To me, there were two obvious issues. 1) it was too dense and 2) a little dry. Good conversions are best done by thinking (often over a cup of tea)  and thus was on my mind  as I went to bed that night. Somewhere around 1am, it occurred to me that even though the obvious next step was to increase the moisture, with 60ml orange juice (much more seasonally appropriate and I had hundreds from mum’s tree) I somehow felt that wasn’t going to be enough. Why ? Because it felt (and here is the heart and intuition bit) that the ingredients were somehow isolated from each other, it wasn’t tasting or feeling like a comfortable whole. But perhaps lessening the heft of the wholemeal flour by a bit might bring those primary ingredients closer together and allow them to form that relationship, and make the whole? Lessening the flour would also help with the dry factor. Lessening the flour and increasing the liquid moisture (the 60ml) orange juice would also make the batter a bit more liquid and allow the air produced by the leavening to actually move freely through the batter. I also changed the leavening slightly reducing the baking powder to 2 teaspoons, and using 1/2 teaspoon of baking soda (an alkali which would react with that 60ml acidic orange juice) as it is a sturdier lifter than baking powder alone. Result ? Totally brilliant – was fabulous. At some point I will also try replacing the 3/4 cup of wholemeal spelt with 1 cup (110g) barley flour. Because of it’s super low gluten content, I feel confident that adding 1/4 cup extra of flour won’t make any difference…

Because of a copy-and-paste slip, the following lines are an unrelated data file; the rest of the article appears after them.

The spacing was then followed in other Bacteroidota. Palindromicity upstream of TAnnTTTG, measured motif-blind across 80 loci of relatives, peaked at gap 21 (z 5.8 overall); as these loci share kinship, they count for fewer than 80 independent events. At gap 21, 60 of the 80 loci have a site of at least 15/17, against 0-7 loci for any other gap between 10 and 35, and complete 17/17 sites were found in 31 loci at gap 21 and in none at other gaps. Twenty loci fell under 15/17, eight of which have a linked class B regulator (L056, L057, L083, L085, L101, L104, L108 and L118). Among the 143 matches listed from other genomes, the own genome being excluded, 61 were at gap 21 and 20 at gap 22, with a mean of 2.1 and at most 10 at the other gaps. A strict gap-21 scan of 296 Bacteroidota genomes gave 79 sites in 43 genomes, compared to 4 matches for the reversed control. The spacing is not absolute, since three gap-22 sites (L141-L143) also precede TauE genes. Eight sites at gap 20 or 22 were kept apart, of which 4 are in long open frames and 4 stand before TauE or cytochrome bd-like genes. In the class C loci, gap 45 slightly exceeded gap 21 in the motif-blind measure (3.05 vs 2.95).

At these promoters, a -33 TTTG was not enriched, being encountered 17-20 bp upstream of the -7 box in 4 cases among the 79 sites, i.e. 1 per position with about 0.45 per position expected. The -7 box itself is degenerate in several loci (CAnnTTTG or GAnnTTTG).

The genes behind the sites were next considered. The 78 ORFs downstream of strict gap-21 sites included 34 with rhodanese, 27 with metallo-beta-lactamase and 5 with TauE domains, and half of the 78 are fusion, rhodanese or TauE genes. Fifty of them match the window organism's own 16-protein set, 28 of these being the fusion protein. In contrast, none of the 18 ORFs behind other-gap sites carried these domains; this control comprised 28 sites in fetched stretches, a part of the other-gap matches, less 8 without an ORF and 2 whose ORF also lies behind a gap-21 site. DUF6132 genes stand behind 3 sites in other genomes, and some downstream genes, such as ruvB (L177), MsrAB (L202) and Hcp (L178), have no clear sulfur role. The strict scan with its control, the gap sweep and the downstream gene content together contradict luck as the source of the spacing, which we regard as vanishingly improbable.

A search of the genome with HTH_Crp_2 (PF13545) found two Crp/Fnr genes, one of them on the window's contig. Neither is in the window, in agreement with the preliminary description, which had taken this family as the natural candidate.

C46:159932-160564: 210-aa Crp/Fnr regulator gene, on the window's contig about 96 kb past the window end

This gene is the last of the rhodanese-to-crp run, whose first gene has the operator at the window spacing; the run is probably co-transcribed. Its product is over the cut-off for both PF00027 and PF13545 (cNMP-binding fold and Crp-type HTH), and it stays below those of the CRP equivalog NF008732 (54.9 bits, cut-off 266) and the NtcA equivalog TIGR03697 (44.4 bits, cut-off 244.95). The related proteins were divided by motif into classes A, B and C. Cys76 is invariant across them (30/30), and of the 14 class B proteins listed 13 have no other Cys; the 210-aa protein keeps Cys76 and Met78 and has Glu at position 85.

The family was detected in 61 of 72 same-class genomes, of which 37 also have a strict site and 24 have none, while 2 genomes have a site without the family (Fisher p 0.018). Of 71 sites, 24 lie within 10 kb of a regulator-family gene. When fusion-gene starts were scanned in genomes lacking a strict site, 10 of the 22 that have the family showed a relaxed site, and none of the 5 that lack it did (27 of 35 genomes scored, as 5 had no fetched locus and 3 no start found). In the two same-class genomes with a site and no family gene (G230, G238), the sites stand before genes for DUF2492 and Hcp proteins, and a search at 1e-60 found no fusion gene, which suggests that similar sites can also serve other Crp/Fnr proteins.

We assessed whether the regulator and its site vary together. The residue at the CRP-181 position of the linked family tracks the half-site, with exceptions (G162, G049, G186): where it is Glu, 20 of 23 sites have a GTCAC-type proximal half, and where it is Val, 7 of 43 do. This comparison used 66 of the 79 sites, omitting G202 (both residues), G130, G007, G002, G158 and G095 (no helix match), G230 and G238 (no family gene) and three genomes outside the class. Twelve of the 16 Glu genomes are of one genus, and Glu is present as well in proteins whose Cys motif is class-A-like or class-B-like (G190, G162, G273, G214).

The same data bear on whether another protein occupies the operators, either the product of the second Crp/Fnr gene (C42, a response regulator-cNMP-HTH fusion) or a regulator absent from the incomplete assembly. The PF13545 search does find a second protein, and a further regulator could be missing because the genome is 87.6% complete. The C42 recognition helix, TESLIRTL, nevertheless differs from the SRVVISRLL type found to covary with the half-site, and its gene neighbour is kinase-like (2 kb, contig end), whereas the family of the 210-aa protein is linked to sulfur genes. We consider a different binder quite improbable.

It was super successful, loved, eaten and left overs lasted really well. If you’ve got carrots coming out of your ears right now, give this a go this weekend… (oh and these Carrot Fritters on an older post are so good too….)

x Jude

Beautiful photography by and ©Harriet Harcourt 

Grown Up Carrot Cake


1 cup (130g) white spelt flour
3/4 cup (110g) wholemeal spelt
1 teaspoon cinnamon, 1/4 teaspoon fresh grated nutmeg, 1/8th teaspoon ginger, pinch of ground cloves
2 teaspoons baking powder
1/2 teaspoon bicarbonate of soda (baking soda)
1/2 cup (50g) toasted pecans, finely chopped
1/2 cup (60g) raisins or sultanas, if large roughly chopped
3 large eggs
1 cup (170g) dark muscovado sugar (I used Billingtons)
3/4 cup fruity extra virgin olive oil
1/4 cup fresh squeezed orange juice
1 teaspoon natural vanilla extract (I always use Heilala)
2 cups (250g) grated carrot

A couple of things here.. firstly, taste your olive oils, find one you like. I prefer fruity ones, and they are always extra virgin. In Perth, I like Guinea Grove Fruity Leccino, and Reagans Ridge Fruity. Interstate I love Nolans Road, Robust and Mt Zero but you must taste and find one you love. The cake is super easy to make, just a bit tricky to know when it is cooked. Cook until the centre is feeling the same as the sides – firm, use  your fingertips, don’t insert a skewer / cake tester into this cake, but be gentle. You’re not pressing into the cake, just gently feeling if it is firm underneath. Once cooked, turn the oven off, and with the oven door ajar about 10 cm leave it to cool a little.  (oh, and be generous with the lemon zest in the icing)…..